LOVELAND — Erv Weinmeister brings the perspective of a firefighter to his work as president of Super Vacuum Manufacturing in Loveland. And that’s an important background for a man whose business is focused on building firefighting equipment.
Super Vac, as the business is known, manufactures emergency ventilation products, custom rescue vehicles and floodlighting towers. The company sells its products to customers around the nation and world. Clients range from local fire departments to the U.S. Navy.
Weinmeister served 23 years with Loveland’s volunteer fire department. Looking back, he said the volunteer service was a way to help both his business and the city.
“I felt like giving something back to the city. So that was the place I put all my energies and effort into.”
Although Weinmeister has retired from firefighting, “He’s got the fire department at heart,´ said Loveland fire chief Mark Miller. Miller has known Weinmeister for 24 years.
Huge asset to Loveland
Super Vac “is a huge asset in Loveland,” Miller said. “I feel blessed that they’re in Loveland — how cool is that,” the city’s top firefighter said. “A place that designs rescue trucks right in your city.”
Associates describe Weinmeister as a straightforward person who gets down to business. A man with a great sense of humor, Weinmeister is highly professional and business savvy, Miller said. He’s a man who won’t mince words. “He stands up for what he believes.”
Established in the mid-1930s by the grandfather of Weinmeister’s ex-wife, the company was originally known as the Super Vacuum Propeller Co. Powerful ventilators used to remove smoke from a fire and increase visibility for firefighters are the products the company grew up around.
In addition to high-powered ventilation systems, Super Vac designs, patents and manufactures emergency floodlighting systems and custom rescue trucks.
In 1986, the company added foundry capabilities to gain more control over the manufacturing process.
About 60 percent of the foundry’s production is work contracted outside Super Vac, Weinmeister said. The foundry produces a diverse list of products, including exercise stair steppers, greenhouse brackets and antique car parts.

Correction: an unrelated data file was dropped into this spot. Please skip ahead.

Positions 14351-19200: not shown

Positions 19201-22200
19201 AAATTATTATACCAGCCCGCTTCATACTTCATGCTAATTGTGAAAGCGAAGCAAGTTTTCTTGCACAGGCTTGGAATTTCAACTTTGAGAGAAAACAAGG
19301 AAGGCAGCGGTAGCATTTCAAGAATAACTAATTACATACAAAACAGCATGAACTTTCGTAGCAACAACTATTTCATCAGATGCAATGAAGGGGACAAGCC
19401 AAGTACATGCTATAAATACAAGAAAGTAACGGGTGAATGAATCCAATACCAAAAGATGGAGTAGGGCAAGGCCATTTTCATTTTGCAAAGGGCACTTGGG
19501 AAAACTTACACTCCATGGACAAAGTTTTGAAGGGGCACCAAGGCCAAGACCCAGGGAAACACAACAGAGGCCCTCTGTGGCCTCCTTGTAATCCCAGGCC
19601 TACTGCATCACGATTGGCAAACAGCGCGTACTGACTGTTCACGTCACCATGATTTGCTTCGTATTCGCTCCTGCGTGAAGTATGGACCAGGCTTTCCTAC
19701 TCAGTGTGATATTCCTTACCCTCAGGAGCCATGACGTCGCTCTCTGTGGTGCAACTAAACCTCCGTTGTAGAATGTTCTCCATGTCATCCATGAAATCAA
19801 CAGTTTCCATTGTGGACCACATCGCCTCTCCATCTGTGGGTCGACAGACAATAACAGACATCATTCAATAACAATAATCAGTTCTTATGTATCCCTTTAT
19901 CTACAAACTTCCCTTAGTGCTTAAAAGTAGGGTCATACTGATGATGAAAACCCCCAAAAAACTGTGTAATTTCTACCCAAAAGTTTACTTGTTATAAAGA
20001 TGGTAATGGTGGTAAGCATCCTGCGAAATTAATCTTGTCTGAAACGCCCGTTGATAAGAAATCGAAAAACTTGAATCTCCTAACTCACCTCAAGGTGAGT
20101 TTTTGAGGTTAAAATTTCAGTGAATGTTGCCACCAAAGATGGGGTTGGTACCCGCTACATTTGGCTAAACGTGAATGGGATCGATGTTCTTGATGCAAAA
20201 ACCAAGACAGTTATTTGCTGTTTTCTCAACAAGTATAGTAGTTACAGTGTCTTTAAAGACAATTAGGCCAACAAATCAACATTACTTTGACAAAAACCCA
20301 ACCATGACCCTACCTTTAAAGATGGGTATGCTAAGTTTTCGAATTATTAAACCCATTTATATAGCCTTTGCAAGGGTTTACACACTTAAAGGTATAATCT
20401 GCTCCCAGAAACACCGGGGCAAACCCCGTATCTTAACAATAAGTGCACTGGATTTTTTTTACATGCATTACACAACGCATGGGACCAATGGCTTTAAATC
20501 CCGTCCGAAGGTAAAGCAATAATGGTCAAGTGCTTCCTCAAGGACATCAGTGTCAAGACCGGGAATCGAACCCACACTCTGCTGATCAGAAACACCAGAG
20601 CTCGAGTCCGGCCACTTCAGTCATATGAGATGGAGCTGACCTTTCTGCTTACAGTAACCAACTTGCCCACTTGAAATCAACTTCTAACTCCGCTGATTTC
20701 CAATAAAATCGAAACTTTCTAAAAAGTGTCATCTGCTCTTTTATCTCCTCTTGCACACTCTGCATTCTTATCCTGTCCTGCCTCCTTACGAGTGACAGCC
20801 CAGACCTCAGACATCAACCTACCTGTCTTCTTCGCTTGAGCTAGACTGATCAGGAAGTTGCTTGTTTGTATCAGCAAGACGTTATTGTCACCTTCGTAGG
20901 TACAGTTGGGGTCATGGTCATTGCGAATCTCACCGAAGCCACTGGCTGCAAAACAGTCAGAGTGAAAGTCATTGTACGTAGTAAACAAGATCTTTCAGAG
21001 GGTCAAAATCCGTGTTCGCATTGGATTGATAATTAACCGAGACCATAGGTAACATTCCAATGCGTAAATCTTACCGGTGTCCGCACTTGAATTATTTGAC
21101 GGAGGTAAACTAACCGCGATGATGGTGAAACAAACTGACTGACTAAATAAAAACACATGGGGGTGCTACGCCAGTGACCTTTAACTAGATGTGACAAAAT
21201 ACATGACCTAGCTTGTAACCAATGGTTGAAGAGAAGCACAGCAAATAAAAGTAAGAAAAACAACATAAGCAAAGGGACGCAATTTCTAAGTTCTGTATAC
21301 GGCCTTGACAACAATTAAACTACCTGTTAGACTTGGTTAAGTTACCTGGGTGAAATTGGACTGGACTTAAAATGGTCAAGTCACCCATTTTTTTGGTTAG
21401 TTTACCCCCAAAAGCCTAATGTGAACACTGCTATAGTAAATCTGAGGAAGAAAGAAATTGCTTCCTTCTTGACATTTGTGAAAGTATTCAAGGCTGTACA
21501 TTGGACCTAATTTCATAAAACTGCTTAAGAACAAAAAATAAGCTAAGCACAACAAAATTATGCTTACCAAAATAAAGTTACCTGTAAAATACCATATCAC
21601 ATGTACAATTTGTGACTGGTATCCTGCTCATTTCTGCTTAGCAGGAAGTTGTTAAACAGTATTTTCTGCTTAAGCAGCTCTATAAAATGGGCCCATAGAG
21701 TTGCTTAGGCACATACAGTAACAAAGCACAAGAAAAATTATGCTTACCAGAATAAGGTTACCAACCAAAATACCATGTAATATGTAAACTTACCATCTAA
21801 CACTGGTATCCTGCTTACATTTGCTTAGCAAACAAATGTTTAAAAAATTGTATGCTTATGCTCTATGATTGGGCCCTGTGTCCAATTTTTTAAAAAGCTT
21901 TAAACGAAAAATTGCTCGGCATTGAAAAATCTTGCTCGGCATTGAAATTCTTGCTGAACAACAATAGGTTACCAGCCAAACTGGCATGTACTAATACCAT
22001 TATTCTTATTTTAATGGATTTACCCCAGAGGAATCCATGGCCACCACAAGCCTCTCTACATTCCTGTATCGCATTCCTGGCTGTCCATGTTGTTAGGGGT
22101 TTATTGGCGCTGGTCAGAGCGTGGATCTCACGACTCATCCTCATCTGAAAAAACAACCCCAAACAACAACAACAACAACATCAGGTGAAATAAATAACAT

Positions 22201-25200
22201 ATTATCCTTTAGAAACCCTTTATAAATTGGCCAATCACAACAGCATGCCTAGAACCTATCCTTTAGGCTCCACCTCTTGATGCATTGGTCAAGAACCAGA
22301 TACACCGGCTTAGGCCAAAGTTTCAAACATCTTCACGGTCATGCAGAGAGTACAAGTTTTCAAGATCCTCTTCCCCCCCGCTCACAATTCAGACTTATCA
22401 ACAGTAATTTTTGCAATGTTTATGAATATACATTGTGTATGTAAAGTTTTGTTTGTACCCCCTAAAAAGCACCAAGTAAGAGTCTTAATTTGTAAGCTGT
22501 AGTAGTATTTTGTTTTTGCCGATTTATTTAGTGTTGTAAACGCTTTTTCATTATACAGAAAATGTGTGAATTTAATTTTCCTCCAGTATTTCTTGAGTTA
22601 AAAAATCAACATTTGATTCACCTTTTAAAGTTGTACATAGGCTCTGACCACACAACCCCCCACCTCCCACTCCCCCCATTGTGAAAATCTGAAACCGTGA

Joined company in 1958
When Erv Weinmeister joined Super Vacuum Manufacturing in Loveland in 1958, the Windsor native was one of two people working there. The other employee was close to retirement.
“They had hired a fellow to run the company. He was ready to retire,” Weinmeister recalled. It was a job that entailed everything from office work to manufacturing.
“We opened the mail, we put the parts together, we machined the parts, we talked to the sales people, we did the banking, we did the bookkeeping.”
Today, those tasks and more are spread among 100 employees working in three divisions. Family is still at the heart of the operation. Weinmeister is president. His daughter, Tamara, serves as chief financial officer. Sons Ron and Roger are vice presidents.
Weinmeister said his company has grown by remaining attentive to the needs of firefighters. Super Vac employs several current and former volunteer firefighters and training instructors.
That attention has sometimes driven product development. For instance, Super Vac moved into the rescue-truck arena after discovering that local firefighters needed a truck.
“I had equipment to build a truck, so I built one. Then, other fire departments saw the truck, and they wanted trucks like it. So we started building rescue trucks.”
The same has happened with various Super Vac products, Weinmeister said. “It just kept going from one thing to another.”
Weinmeister also made sure that Super Vac was represented at the big fire conventions held around the country, and he often took local firefighters along. “Being in the big conventions, we would learn all of the latest in the new processes coming on.”
Major expansion completed
Super Vac recently has completed a major expansion: construction of a 42,000-square-foot manufacturing facility in Ward Industrial Park. Already, Weinmeister says his company is in danger of outgrowing the larger facility.
“In doing the expansion, we’ve actually picked up more work,” he said. Fire departments are calling for pumper and tanker trucks in addition to the rescue truck that Super Vac builds. Weinmeister said his company might consider moving into the manufacture of other types of trucks if demand for the rescue truck softens, but added, “It hasn’t so far.”
A former firefighter long involved with fire and rescue operations, Weinmeister understands that as a firefighter one must frequently throw caution to the wind and “do what you’ve got to do.”
He’s much more conservative, however, when it comes to running his business. “We’ve kept our noses to the grindstone,” he said. “We had a product to sell to the firefighting services, and we’ve kept up with them as far as what their needs were over the years.”